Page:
Escape into another
time and place, into the fantasy world
of Charles Dickens' Victorian London.
The growing popularity
of "reality television" programmesespecially PBS's "Manor House"
that there may be considerable public interest for our "reality
theatre" format in which the public participates in a community-wide
costumed historical re-creation of the world of Charles Dickens.
The project would comprise a three-day event culminating in an
evening performance of our interactive dramatization: The
Mystery of James Edwyn Wakefield, or Murder in the Wakefield
PALLADIAN Interactive Theatre has been producing
audience-participation events in the United States since 1987.
The company is owned by Alan Lance Andersen and Robert Alan Cook,
who write the scripts and supervise the productions. Both playwrights
are professional members of Mystery Writers of America.
PALLADIAN Interactive Theatre 's "reality
theatre" concept is to market travel, lodgings, fine dining,
and participation theatre in one comprehensive package. We hope
to work with airlines, travel agencies, caterers, innkeepers,
and local entertainers. We may also work with historical societies,
horse-drawn carriage operators, actors, and musicians in England
to provide a reasonably authentic re-creation of Victorian life.
PALLADIAN Interactive Theatre extends the
traditional dinner theatre concept to offer much more than just
dinner and theatre. It also gives the audience an opportunity
to participate as performers. It's more like stepping through
a time machine than attending a theatre event. There are no lines
to memorize, and each drama never ends the same twicebecause participants improvise their
lines while attempting to achieve the goals outlined in their
The Mystery of James Edwyn Wakefield includes elements of mystery, intrigue, romance,
suspense, and adventureall the ingredients of a Dickensian novel. Audience
members have the opportunity to become 19th Century characters
in a number of dynamic and complex mystery plots. It is a world
of Victorian ladies and gentlemen, costermongers, Scotland Yard
detectives, curmudgeons, sailors, servants, villains, thieves,
rascals, and a murderer or two. Participants are caught up in
a whirlwind of melodramamissing documents, escaped lunatics, long-lost relatives,
unspeakable crimes, ghosts in the attic, and star-crossed lovers.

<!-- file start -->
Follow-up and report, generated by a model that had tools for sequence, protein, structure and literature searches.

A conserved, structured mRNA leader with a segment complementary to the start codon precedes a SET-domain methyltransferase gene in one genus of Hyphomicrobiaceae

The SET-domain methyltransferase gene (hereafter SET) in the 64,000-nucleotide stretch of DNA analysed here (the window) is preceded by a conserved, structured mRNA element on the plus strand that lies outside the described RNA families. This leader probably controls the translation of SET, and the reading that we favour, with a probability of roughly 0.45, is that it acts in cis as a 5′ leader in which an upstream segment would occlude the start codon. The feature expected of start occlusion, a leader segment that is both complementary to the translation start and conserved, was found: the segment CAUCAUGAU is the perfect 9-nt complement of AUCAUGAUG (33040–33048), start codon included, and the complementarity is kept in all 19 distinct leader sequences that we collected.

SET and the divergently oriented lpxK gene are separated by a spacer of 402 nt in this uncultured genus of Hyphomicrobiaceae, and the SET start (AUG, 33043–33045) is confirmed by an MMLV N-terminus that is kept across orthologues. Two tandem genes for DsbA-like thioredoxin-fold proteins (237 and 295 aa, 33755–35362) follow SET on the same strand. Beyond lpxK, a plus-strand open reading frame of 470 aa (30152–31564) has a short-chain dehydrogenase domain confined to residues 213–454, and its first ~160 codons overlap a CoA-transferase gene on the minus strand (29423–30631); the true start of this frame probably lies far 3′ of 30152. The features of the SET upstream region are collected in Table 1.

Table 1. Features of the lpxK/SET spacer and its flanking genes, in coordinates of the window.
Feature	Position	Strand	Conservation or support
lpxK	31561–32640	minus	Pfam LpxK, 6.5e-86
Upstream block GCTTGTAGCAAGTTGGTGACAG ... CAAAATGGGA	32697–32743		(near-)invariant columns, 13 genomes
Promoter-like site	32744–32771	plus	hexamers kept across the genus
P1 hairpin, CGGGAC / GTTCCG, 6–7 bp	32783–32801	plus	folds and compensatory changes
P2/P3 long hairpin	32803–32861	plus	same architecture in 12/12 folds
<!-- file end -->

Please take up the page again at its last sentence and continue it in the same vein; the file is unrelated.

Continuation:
The show is set during the Christmas season
of 1862, and we have facsimile reprints of the Illustrated
London News from that year which incorporate clues to our
mystery plots. We also have facsimile Victorian "stage money"
banknotes, cheque books, birth and marriage certificates, and
real vintage coins.
"In traditional theater, the audience
assumes a reactive role, responding to the performance in a passive
fashion," writes Jeff Wirth, author of Interactive Acting:
Acting, Improvisation, and Interacting for Audience Participatory
Theatre. "Interactive Theatre expands the experience
of the audience by offering them a proactive role, in which they
are invited to join as a collaborator in the creation of the
"Interactive Theatre combines the richness
of rehearsed material, the spontaneity of improvisation, and
the empowerment of participation," writes Wirth. "It
draws on acting and improvisation techniques, as well as techniques
unique to the interactive form."
John Kennedy Melling, former editor of the
British crime writer's Black Dagger series, author of several
mystery related books, drama critic, and BBC broadcaster, said
of the Mystery of James Edwyn Wakefield, "My first
impression was of the immaculate way they have prepared the package.
The clever way they mingled seven compact stories held together,
a winning use made of Dickens characters, names, and plots make
for a compelling production, unique indeed. I stress the uniqueness,
because while there are mystery companies in the States and more
here in England, they are all based on only one story. I know
of NOTHING here remotely approaching this scheme. TERRIFIC!"
Descriptions of Characters
Photos from Past Productions
Wakefield in Illinois
Wakefield Main Page